A friend asked me for a few sources of watch straps, so I’ll start a page here that I can share around. I’ve bought a lot of straps and bracelets, probably in the 1-2k range if you count watch-specific bracelets, so I’ve got lots of opinions to share. Here’s a quarter of my current collection:
But first, Paul’s Rules for Strap Acquisition:
Rule 1: Always
… buy the bracelet. Often, watches are offered with and without the bracelet. Buy the bracelet when you get the watch even if you don’t want it immediately.
Because bracelets are specific to a watch. In particular, the end links are nearly impossible to fit and/or find properly. So buy the bracelet; swap it it out if you want but I’ve never once regretted having it. They cost a lot more if you return post-sale to buy the bracelet by itself. For example, IWC wants over $1,000 for an Aquatimer bracelet.
Similarly, if the factory strap has a ratcheting/extensible clasp, buy it. See that post for reasons and details.
Rule 2: Never
… buy the factory leather straps. They’re OEM’d anyway, the markup is severe, and since leather only lasts a year or two, your value for money is poor. Buy a fancy custom one from ABP or Camille Fournet if you want, it’s still a better deal.
If the factory buckle or deployant is to your liking, you can often buy them separately and they are easily fitted to a strap.
Rule 3: Rarely
… buy watches with non-standard lugs. Oris Aquis, IWC Aquatimer, VC Overseas, Tudor North Flag… all great watches, but finding third-party straps is at least a hundred times more difficult.
Let’s Spend Some Money
This page will probably need lots of expansion and edits; for now I’ll sketch out the major topics and links for later. Leave a comment if you want, it’d be good to know which pieces are useful to know more about.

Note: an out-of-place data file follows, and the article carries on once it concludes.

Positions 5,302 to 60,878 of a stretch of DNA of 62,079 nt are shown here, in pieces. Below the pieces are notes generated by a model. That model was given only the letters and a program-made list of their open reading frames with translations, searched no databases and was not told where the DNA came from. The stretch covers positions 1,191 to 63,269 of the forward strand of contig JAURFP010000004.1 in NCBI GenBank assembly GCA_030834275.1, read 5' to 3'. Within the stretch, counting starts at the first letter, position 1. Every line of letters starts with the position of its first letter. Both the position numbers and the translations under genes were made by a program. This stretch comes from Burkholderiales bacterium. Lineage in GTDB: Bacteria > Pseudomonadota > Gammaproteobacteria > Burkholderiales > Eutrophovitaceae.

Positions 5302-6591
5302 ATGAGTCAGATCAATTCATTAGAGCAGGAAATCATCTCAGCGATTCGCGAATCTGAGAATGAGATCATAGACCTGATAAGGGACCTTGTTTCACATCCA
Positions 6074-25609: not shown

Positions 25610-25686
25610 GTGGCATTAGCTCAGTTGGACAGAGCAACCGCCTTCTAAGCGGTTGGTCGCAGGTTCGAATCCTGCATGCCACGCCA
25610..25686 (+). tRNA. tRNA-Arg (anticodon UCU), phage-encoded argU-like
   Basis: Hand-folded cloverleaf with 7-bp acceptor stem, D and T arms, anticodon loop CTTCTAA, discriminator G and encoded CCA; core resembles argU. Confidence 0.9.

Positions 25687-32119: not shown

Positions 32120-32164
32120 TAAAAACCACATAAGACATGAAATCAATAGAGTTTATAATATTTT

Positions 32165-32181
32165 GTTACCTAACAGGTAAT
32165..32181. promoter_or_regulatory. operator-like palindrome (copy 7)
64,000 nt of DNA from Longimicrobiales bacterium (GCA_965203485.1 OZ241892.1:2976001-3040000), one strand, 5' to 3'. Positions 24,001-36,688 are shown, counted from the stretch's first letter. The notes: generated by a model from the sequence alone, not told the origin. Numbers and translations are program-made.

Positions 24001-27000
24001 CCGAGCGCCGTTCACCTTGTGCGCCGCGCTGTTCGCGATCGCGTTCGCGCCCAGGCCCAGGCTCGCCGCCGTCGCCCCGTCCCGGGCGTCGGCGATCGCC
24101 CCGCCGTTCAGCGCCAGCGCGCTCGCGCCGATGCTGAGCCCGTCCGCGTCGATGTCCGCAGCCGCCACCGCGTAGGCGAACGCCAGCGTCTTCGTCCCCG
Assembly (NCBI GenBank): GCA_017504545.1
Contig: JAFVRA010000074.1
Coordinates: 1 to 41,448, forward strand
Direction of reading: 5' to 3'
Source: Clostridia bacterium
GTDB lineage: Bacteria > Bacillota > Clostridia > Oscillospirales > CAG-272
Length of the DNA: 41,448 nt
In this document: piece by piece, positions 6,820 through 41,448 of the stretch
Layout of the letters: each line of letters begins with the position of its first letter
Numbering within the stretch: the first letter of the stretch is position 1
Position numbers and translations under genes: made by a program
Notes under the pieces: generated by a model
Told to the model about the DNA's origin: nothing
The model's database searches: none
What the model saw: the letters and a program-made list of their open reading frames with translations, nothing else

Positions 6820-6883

How to Shop
I was going to write this up, but this Barton page does it better. Read that and come back. Covers sizing, how to fit a NATO, wrist size and more.
If you want more opinions, there’s a WUS forum dedicated to straps and bracelets that is a deep well of knowledge.
Shops and Vendors
For leather, I recommend kangaroo for versatile/comfort, Cordovan for sheer beauty, and calf for comfort/price. You can get real alligator, but it’s import/export controlled, meaning that you need paperwork to sell a watch with a gator strap, and the one I bought isn’t all that awesome.
- ABP High end, think 200$ per strap and up, first-rate reputation and well worth a visit if you’re in Paris.
- Camille Fournet Also high end, the last RGM I bought had a CF strap, probably mostly 100 and up.
- Hodinkee Nice stuff, also expensive, well photographed and curated, overpriced in my opinion.
- Worn and Wound Similar to Hodinkee but about 80% of the price.
- Christopher Ward sells a superb Cordovan leather strap with a Bader deployant (found via this review) that is amazing. It’s not cheap at $125, but the quality of the leather and clasp is easily 3x the price, there’s no discernible difference from the Omega deployant and leather. I bought one of these for my Omega Globemaster and I love it.
- I’ve bought bunch of varied mid to high end straps from Global Watchband, they also sell alligator from $200 to $400 each. I get my Hirsch from them as well as my Cordura.